Step 1: Wash and quarter apples and put them in a pot. You don't have to core or peel them, but I do like to cut off the blossom end as that little stuff sometimes makes it through the sieve into the sauce.
Step 2: Pour some water over them and cook them until they are soft. I poured about 2 quarts of water + 2 TB Fruit Fresh over the apples in my pressure canner, then cooked them up to about 12 lbs pressure and let it cool off. Maybe I overcooked them, I don't know, but it sure was faster than boiling/steaming them all day . . .
Step 3: Scoop the apples out and run them through a sieve. I have one that hooks to my Kitchenaid, but I've used a hand crank one and I have one that's just a cone shaped bowl with tiny holes in the side and has a wooden thing like a pestle (you know a mortar and pestle) that you just smash stuff against the sides and the good stuff squirts out. Anyway, I use the Kitchenaid one because it's easy. Here it is all ready for apples:
Put the apples in the top, turn it on, and the strainer part strains out the good stuff which falls down the little ramp into the first bowl, and the seeds/core/peel come out the end into the second bowl. Like this:Hey, that picture also shows the strainer/scooper I used to get the apples out--it's like a colander with a handle so I don't get so much liquid with my apples. (It's clear, but it's sitting in the bowl catching the apple scraps.) Here's the applesauce in the bowl on the left and the scrappy ick (my kids call it apple poo) in the container on the right:
Step 4: Put the applesauce in a pot and cook it until it's thick enough for ya. Skim the juice off the top when it collects to speed up the process (it collects when you're NOT stirring). I use my pressure cooker pot again--it has never burned anything and it's big. Add sugar if you need it and cinnamon if you want it. Every apple gives a different flavor. My jonathan/gala mix needed LOTS of sugar, but I only added a little to the golden delicious batch.Step 5: Put the applesauce in jars and screw on lids/rings and process in boiling water canner 20 minutes. Of course you'll put the lid on your canner before canning, and yes, that clock says 8:45 and that's not in the morning . . . When they're done in the canner, take the jars out to cool.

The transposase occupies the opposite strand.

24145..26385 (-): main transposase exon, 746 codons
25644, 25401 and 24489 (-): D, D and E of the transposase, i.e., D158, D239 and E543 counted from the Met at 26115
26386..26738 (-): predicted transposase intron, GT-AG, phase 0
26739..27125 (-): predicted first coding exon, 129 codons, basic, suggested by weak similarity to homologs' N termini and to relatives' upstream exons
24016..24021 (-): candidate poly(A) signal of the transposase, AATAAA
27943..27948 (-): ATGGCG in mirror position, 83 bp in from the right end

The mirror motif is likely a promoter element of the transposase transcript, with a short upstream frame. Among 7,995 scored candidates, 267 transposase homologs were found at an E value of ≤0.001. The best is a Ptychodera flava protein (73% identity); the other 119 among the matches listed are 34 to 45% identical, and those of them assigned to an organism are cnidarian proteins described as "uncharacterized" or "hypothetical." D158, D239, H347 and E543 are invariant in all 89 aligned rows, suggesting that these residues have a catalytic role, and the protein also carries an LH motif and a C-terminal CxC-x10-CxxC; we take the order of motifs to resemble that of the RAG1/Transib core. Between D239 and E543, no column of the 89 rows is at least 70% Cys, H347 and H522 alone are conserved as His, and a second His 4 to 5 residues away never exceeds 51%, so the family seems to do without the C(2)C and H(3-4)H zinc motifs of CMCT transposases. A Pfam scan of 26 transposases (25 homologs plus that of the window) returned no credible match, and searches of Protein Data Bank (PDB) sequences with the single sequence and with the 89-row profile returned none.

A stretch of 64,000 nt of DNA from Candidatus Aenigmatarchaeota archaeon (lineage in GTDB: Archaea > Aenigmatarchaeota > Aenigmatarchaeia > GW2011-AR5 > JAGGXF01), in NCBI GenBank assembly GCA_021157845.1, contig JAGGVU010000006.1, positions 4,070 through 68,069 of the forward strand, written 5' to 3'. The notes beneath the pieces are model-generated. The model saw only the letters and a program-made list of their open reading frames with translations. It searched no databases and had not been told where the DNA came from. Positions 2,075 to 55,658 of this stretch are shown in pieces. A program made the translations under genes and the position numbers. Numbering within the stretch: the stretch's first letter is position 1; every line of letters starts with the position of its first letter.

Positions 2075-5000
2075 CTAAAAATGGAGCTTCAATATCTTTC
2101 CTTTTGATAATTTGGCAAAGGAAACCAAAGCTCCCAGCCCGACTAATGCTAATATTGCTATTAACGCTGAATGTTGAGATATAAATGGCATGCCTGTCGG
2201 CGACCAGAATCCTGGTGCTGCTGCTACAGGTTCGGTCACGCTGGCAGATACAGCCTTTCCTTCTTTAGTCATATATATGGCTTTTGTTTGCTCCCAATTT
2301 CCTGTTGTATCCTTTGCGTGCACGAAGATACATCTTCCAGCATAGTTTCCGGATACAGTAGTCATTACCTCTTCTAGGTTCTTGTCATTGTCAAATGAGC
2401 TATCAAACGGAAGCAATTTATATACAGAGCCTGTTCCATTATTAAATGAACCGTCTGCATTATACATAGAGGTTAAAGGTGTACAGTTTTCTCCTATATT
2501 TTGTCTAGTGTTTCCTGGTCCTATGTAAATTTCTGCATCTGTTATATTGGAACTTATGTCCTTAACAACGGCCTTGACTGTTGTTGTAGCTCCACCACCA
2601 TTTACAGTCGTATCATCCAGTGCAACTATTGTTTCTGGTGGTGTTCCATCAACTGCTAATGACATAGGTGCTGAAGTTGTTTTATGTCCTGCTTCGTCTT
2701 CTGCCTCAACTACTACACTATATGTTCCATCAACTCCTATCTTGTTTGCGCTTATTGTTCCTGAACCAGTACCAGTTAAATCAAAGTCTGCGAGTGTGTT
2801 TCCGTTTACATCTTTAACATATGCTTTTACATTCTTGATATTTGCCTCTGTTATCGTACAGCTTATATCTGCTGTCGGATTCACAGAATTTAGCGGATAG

I have been just putting lids on the jars cold to save the step of heating them up and really didn't think much of it until my sister asked about whether you really had to heat the lids up or not. Every so often I have a jar or two (especially items packed with liquid--fruits, meat, etc.) that comes out of the canner with a lot less liquid than when I put it in. I'm thinking this may be because of the cold lid not sticking to the jar sufficiently at the start of the canning process, so I'm reforming my ways and heating my lids in a little pot of water for my next year of canning and I'll see if it solves the problem.
I also used about 3 TB of vinegar in my canning water this time (thanks for the idea Emily!) and the jars are all shiny and pretty coming out of the canner. It wasn't enough to take the hard water lines off my canner or to smell vinegar as I canned. I'll have to try this in the pressure canner next time I use it . . .
As for the applesauce, I don't like it much, but I'll eat it. Wade doesn't like it, and only one of my kids does. I have 16 pints of it, so I guess I'll be making applesauce cakes/breads/cookies and hitting the next case lot sale for some applesauce they will eat . . .